New iMacs, Mac Pros, and Mac minis: It’s a Whole New Apple Desktop Line

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Speculation and rumor has been building for months that Apple would be launching new desktop systems…and today the news has dropped, and Apple updating both it’s consumer-oriented Mac mini and iMac desktop systems, along with its Xeon processor-equipped Mac Pros aimed at high-end computing and media production professionals.

The diminutive Mac minis have received a significant update, now sporting 2 GHz Intel Core 2 Duo CPUs and support for up to 4 GB of RAM, up to 320 GB of hard drive storage, a 1066 MHz system bus, and Nvidia GeFore 9400M graphics—plus a SuperDrive. Unexpectedly, the Mac mini now sports 5 USB 2.0 ports and a FireWire 800 port—also unexpected, the Mac mini boasts two video output sofr driving two monitors with Mini DisplayPort or DVI connections. Of course, the minis still sport 802.11a/b/g/n Wi-Fi and Bluetooth wireless networking, gigabit Ethernet. Prices start at $599…although, of course, build-to-order options and higher-end configurations cost more. The new Mac minis are available now.

Apple’s new iMacs come with either 20- or 24-inch LCD displays—the 20-incher sports a native 1,680 by 1,050 pixel resolution, while the 24-inch model pushes out to 1,920 by 1,200 pixels. The iMacs sport Intel Core 2 Duo processors running from 2.66 to 3.06 GHz with Nvidia GeForce 9400M graphics on the 20-inch and lower-end 24-inch model, with the higher-end 24-inch models kicking up to Nvidia GeForce GT 120 and GT130 graphics with 256 MB and 512 MB of dedicated video memory, respectively. The systems ship with 320 GB to 1 TB of hard drive storage and a base 2 GB of RAM, and sport 4 USB 2.0 ports and one FireWire 800 port. Also on board: 802.11a/b/g/n Wi-Fi and Bluetooth wireless networking, gigabit Ethernet, and an integrated iSight Web cam. The systems ship with an Apple keyboard and wireless mouse, plus an Apple Remote and an IR receiver for driving media from across the room. Users who need more screen real estate can hook up another monitor via a Mini DisplayPort output. Prices on the new iMacs start at $1,199 for the 20-inch model and scale up to $2,199 for the 3 GHz 24-inch model—although build-to-order options of course raise the price. The new iMacs are available now.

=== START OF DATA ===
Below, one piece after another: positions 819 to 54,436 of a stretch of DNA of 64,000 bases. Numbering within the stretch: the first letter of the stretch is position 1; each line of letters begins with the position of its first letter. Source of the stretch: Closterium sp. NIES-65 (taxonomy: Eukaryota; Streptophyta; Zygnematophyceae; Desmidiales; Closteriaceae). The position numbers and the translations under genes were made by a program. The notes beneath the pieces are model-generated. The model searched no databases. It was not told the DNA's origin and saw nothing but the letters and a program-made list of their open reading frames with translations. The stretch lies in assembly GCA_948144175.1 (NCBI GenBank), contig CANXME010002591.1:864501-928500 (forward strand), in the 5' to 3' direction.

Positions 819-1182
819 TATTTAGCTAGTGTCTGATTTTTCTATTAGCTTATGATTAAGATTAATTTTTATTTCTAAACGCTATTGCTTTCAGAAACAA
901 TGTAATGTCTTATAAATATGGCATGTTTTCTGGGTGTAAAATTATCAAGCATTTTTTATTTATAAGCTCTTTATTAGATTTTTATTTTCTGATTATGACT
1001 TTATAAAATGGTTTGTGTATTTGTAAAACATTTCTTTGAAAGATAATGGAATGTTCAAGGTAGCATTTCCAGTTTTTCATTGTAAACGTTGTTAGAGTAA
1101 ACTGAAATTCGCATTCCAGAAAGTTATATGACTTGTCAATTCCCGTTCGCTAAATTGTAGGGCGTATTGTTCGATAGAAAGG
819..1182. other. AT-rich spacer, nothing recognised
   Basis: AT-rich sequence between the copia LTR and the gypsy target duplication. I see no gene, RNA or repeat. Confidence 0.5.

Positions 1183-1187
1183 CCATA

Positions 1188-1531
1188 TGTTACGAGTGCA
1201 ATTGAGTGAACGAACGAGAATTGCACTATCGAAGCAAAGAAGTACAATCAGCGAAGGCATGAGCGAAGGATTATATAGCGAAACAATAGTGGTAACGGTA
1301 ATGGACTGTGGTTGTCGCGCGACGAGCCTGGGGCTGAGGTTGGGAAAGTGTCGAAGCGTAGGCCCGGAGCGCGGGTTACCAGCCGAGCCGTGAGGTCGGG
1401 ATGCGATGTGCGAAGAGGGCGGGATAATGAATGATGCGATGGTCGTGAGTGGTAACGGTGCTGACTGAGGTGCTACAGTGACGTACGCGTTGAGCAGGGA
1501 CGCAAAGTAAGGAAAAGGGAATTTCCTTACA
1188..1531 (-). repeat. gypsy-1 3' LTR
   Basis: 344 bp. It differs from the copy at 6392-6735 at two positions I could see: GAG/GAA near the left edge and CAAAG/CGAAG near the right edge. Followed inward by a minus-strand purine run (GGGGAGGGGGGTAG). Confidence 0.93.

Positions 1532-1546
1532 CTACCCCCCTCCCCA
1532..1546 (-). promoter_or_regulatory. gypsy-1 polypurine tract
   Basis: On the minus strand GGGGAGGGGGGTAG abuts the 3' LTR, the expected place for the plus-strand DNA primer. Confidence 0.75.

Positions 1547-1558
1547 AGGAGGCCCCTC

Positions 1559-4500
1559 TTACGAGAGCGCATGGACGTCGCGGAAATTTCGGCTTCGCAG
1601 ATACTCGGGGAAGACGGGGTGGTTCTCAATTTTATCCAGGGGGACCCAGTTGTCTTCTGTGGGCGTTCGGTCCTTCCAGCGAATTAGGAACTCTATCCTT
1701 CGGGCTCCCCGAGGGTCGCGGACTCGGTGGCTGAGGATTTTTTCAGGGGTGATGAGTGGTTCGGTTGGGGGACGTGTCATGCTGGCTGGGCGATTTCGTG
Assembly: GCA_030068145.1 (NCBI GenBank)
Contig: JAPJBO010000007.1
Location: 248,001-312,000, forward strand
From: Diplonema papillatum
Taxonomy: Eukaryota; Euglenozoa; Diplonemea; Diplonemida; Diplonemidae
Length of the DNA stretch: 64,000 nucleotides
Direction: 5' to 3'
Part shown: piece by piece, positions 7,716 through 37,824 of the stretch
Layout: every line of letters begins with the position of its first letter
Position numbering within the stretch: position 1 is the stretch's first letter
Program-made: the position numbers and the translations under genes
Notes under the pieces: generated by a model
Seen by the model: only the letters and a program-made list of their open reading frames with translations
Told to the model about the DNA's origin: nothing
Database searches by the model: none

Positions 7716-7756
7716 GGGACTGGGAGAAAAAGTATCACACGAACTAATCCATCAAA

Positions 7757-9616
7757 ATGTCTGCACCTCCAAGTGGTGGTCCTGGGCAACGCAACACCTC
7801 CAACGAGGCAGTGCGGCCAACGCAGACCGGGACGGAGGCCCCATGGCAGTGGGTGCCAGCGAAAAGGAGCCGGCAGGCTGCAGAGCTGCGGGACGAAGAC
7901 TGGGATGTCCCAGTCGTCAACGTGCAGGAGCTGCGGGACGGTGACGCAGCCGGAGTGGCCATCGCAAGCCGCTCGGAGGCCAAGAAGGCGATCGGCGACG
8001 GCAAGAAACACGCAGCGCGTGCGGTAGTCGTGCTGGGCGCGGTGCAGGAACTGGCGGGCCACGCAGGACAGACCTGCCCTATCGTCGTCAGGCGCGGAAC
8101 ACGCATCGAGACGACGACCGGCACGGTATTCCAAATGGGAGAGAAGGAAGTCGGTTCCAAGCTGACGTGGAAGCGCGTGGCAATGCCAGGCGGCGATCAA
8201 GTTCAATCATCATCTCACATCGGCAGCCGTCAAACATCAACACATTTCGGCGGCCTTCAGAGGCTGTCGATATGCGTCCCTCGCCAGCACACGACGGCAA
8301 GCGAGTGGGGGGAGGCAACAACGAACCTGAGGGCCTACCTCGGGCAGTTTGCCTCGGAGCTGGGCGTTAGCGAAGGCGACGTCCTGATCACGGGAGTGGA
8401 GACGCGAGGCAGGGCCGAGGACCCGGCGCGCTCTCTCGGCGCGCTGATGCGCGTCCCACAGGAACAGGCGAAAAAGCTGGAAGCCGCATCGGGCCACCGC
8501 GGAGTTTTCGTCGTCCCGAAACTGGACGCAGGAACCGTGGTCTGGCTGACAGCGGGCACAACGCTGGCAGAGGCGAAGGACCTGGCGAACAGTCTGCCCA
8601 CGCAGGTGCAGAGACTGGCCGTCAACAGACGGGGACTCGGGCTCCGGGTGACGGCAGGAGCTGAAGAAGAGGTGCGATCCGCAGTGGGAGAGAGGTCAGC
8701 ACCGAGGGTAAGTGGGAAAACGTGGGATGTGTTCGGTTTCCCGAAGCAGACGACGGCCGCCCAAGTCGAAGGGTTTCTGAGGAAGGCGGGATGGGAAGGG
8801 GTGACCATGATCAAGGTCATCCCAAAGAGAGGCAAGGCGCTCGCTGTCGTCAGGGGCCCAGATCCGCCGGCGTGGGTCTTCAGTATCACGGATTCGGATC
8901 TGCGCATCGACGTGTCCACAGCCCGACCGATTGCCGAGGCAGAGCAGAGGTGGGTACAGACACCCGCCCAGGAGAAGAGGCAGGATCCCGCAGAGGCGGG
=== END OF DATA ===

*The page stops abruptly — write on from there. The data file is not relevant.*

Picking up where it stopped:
Finally, at the high end, Apple is introducing new Mac Pro towers featuring “Nehalem” Xeon processors and a new system architecture that Apple claims offers up to twice the performance of previous Mac Pro models—and their pricing starts off a bit lower than the previous generation of Mac Pros. The systems sport either one or two quad-core Intel Xeon 5500 processors (meaning four to eight processor cores, in total), with 8 MB of shared L3 cache and an integrated memory controller with three channels of 1066 MHz DDR3 ECC memory. In theory, the new memory architecture offers up to 2.4 times the bandwidth of previous systems with lower latency. The systems ship standard with Nvidia GeForce GT 120 graphics with 512 MB of video memory, although and ATI Radeon HD 4870 is available for higher graphics performance. The Mac Pros, of course, offer tons of interior room for expansion and support up to 4 TB of internal storage using 1 TB SATA drives, and a cable-free Mac Pro RAID card is available. The systems offer four PCI Express 2.0 slots (three are open), five USB 2.0 ports, four FireWire 800 ports, Bluetooth wireless networking (Wi-Fi is available as an option), an 18× SuperDrive, and 3 to 6 GB of RAM standard (on the quad and eight-core models, respectively—with 32 GB of RAM available as an option on the eight-core model). The new Mac Pros should start next week at prices starting at $2,499 for the quad-core model and $3,299 for the eight-core version.

Overall, Apple’s new offerings don’t shift the company’s price points very much, but do offer respectable upgrades across their product lines. Of particular note is the new consumer-friendly Mac mini, which will suddenly appeal to a broader range of experienced and professional users with dual display support and FireWire 800 connectivity—for folks who already have displays and peripherals, the new Mac mini might be all the computer they need.

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